Or, is this a concept that can be utilized with current PC hardware and architecture (PCIe 3.0 and NVMe SSDs)?

The reason I ask is because if the next generation of games will eventually start taking an advantage of these techniques, inevitably developers on PC would like the same tools and ease of use. IF that is the case, AND these concepts require newer technologies (i.e. PCIe 4), I would like to avoid changing out my CPU and motherboard a year later.
 

geofelt

Titan
Remember that game developers want the largest possible audience for their games.
If a game requires pcie 4.0 and the associated hardware to perform well, they would limit their market.
That is not to say that 4.0 might not be useful.
Graphics adapters need to load things such as textures into vram.
A faster load can compensate for limited vram which allows a cheaper device.
That is perhaps one of the engineering tradeoffs.

As a practical matter, most who change out a cpu will also change out their motherboard at the same time. When a new gen processor comes out, it may be compatible with a previous gen motherboard, but there is usually a benefit if it is installed on a later gen motherboard.
So much for the practicality of motherboard compatibility.
Same for whatever DDR5 brings, that will also need a motherboard change.

If/when I want a cpu upgrade, I am prepared to sell the old and buy the new.
 
To date, I see no pcie4.0 graphics cards.
All of AMD's RX 5000 series cards use a PCIe 4.0 connection. That said, there's currently virtually no difference in performance between the current models running on 4.0 or 3.0, aside from with the lower-end 5500 XT, which only gets an x8 connection. When running on a PCIe 3.0 motherboard, the x8 connection can hurt performance in some games, particularly with the 4GB version, as it needs to transfer data to system memory more often when VRAM is exceeded. That's not so much of a problem with the 8GB version though, as it offers more than enough VRAM for today's games.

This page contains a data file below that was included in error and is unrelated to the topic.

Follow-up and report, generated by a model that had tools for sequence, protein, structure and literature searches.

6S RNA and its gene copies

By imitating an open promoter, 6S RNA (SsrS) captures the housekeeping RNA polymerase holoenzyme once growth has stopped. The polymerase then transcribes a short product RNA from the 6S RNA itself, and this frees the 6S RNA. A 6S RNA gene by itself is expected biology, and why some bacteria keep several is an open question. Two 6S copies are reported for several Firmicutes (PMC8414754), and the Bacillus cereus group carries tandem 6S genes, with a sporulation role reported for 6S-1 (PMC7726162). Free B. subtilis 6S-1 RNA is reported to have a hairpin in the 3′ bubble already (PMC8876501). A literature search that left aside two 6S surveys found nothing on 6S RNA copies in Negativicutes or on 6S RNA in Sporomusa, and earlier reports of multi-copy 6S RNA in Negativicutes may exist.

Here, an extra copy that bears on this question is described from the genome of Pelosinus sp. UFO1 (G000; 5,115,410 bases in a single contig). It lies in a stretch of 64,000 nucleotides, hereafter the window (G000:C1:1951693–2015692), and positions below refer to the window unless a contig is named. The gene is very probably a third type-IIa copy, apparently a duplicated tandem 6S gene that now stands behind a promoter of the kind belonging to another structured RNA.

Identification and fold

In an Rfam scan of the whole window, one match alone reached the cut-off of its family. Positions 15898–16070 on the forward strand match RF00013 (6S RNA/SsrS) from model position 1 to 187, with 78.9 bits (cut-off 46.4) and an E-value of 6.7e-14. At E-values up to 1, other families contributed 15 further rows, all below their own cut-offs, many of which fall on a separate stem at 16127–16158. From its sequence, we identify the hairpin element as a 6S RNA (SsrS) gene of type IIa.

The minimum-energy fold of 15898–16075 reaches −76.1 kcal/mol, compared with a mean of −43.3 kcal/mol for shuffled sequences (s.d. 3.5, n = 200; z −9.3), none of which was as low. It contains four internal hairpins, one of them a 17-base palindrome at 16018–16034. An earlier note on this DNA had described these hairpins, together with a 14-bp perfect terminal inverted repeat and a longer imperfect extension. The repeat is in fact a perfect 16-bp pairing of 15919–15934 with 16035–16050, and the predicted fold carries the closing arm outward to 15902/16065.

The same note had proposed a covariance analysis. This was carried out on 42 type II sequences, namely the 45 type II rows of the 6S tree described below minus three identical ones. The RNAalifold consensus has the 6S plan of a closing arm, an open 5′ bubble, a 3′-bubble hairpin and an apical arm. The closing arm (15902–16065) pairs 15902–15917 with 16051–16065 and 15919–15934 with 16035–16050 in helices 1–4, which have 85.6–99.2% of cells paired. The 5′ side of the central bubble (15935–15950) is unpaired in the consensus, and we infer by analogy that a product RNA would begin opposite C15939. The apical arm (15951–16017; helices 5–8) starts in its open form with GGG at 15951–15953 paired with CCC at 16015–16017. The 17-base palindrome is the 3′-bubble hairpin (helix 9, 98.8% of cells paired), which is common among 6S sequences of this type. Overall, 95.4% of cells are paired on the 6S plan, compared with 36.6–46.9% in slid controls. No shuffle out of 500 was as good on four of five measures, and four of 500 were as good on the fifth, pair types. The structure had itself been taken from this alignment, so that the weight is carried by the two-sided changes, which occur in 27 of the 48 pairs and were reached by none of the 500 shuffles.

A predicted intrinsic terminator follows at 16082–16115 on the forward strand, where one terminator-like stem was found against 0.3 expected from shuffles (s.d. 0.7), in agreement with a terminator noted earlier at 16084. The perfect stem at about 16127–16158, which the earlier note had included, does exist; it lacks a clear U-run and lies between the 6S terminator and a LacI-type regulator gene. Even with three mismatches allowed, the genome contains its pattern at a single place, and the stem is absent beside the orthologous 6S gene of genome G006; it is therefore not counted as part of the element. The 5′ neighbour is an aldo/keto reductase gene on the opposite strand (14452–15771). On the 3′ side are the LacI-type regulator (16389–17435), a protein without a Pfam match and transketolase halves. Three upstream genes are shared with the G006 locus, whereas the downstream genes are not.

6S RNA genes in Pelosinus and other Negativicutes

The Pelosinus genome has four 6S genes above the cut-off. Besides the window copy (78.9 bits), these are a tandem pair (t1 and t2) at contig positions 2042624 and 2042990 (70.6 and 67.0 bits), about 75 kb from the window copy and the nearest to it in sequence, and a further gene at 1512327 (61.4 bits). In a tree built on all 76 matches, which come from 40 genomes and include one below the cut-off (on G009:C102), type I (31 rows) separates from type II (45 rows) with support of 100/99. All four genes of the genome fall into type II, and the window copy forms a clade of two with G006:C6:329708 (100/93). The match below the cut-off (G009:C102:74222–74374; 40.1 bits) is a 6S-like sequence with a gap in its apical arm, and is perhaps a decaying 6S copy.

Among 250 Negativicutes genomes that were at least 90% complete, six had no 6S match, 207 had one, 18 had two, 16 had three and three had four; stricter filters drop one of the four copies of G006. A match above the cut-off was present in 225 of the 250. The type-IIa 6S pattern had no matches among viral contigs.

This means that 2 generations later, which is pretty much 1 to 2 years later, PCIe 3.0 will be a bottleneck for some graphics cards.
Maybe in a couple years or so the top-end $1000+ cards will be affected slightly in some games, but it's unlikely that performance will drop off a cliff. And if someone is willing to buy an expensive "enthusiast-level" graphics card, then they are probably not going to be too concerned about replacing other hardware to get the most out of it.

As for SSDs, it's hard to say exactly how they will affect performance in the next generation of games. I suspect there will be games that need to be installed on an SSD to get optimal performance out of them, but it's unknown how much an NVMe drive might compare to something like a SATA SSD. Both offer fast access times, and in current games there's only around a 10% difference in load times between a SATA SSD and an NVMe model that's theoretically multiple times as fast. There's virtually no difference in real-world performance between the current PCIe 3.0 and 4.0 NVMe drives, at least in terms of load times in today's games and applications.